Students Bring New Life To Campus Debate Team

Elizabeth Silva
Staff Writer

USF’s debate team, which is being rekindled on campus this year, competed in its first tournament of the year, Golden Gate Season Opener at San Francisco State University, with great success as junior communications major Mike Epley received a fifth place speaker award.

Epley advanced to ocoto-finals in Varsity Parliamentary debate. In order to qualify for ocoto-finals, speakers need to have accumulated enough points by winning debates. He was the 14th seed of about 60 debate teams.

Receiving a fifth place speaker award out of approximately 120 students signified that Epley received the fifth highest number of individual points as well as won enough debates to make it to octo-finals.

“Winning fifth place speaker at any tournament is awesome, especially a tournament of this size, where there are several dozen awesome people all vying for speaker awards,” said Epley. “It’s something you can never take for granted, and you don’t have any idea how you’re doing until the award ceremony. Hearing my name called in that small list of top speakers put me among some of the debaters who I really admire on the circuit—the people who know how to not only win a round, but to speak persuasively, confidently and meaningfully.”

Epley also competed in a Lincoln-Douglass debate, where he made it to the final round before narrowly losing to a University of Pacific student in the final round on a 2-1 decision.  He received second place out of approximately 55 students.

“I don’t think you can win a speaker award without establishing some kind of consistent connection with your audience, and for me that’s one of the biggest reasons I love debate, the connection,” said Epley.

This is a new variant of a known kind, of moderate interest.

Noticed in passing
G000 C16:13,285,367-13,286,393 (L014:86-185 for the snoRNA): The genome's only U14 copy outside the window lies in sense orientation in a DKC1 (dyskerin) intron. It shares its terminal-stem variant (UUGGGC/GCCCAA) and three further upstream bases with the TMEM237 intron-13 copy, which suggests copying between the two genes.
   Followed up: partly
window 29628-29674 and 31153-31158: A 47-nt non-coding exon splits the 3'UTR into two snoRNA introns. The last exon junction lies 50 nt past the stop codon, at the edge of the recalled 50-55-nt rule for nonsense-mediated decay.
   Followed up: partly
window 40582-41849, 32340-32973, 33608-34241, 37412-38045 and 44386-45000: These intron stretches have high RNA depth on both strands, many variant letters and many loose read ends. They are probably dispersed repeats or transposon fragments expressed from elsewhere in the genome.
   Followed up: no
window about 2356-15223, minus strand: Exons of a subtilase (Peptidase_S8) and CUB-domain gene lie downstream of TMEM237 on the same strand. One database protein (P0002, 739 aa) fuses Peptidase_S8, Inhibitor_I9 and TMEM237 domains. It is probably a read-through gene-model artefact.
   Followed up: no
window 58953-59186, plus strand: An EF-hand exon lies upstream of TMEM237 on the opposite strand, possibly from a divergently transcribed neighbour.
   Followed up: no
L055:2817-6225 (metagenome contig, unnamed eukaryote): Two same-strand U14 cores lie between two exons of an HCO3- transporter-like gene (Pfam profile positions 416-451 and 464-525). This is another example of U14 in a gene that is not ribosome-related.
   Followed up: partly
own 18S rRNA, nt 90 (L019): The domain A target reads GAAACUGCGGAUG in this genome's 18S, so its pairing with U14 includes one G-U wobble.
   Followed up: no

The event took place on Sept. 26 to 28 with 29 regional schools participating.  The schools included University of the Pacific, Azusa-Pacific University, CSU Chico, Point Loma, UC Berkeley, and the University of Oregon.

Epley began debating for City College of San Francisco in 2011 after being recruited from an Intro to Argumentation class.  His professor, Kristina Whalen, saw his competitive spirit and recognized the potential he had to work well on the team.

“This is a huge accomplishment considering the team is just getting started,” said Alexis Litzky, rhetoric professor and coach of the debate team “I’ve recruited about 10 students so far and it has been decades from what I can tell since USF had a debate team at all.”

“We have been meeting since the beginning of the semester, and Mike has really helped establish himself and USF as a debate force in the region,” added Litzky.

USF’s debate team has three dedicated structures of debate, which are Policy, Parliament, and Lincoln-Douglass. Policy and LD are evidence-based types of debate that require some extensive research on specific subject areas whereas Parliamentary Debate is a team debate that requires a good general knowledge of a broad range of events and issues in the popular zeitgeist.

All three forms of debate typically call into question some kind of political action to bring about change.  There is no limit as to what discussions the debate team can create out of the topics.

There are 10 students, from freshman to graduate students, on the debate team. Whereas some students may have transferred to USF with debate experience, others are brand new to forensics.

There previously was a debate team on campus, but it disappeared for a while. USF has a long history of competitive academic debate, and it once fielded some of the strongest teams in the country. With the support of the rhetoric department and the College of Arts & Sciences, the debate team has returned and once again has a hub for academic competition and intellectual development.

Competitions are weekend-long intensives in which students compete against debaters from other colleges and universities over two to three days. Students typically get six preliminary debates before moving on to elimination rounds if they have a winning record.

The debate team practices on Tuesday evenings in Cowell and it has traveled to different destinations in the region and even nationally to tournaments in southern California and Portland.

Litzky’s goal as the advisor is to bring the USF team back on the competitive map. “As we rebuild our squad in numbers and competitiveness, I look forward to seeing how we grow and succeed,” said Litzky. She said that the USF Debate team intends to host on-campus debates and events to offer the USF community unique insight into contemporary political and social justice issues.

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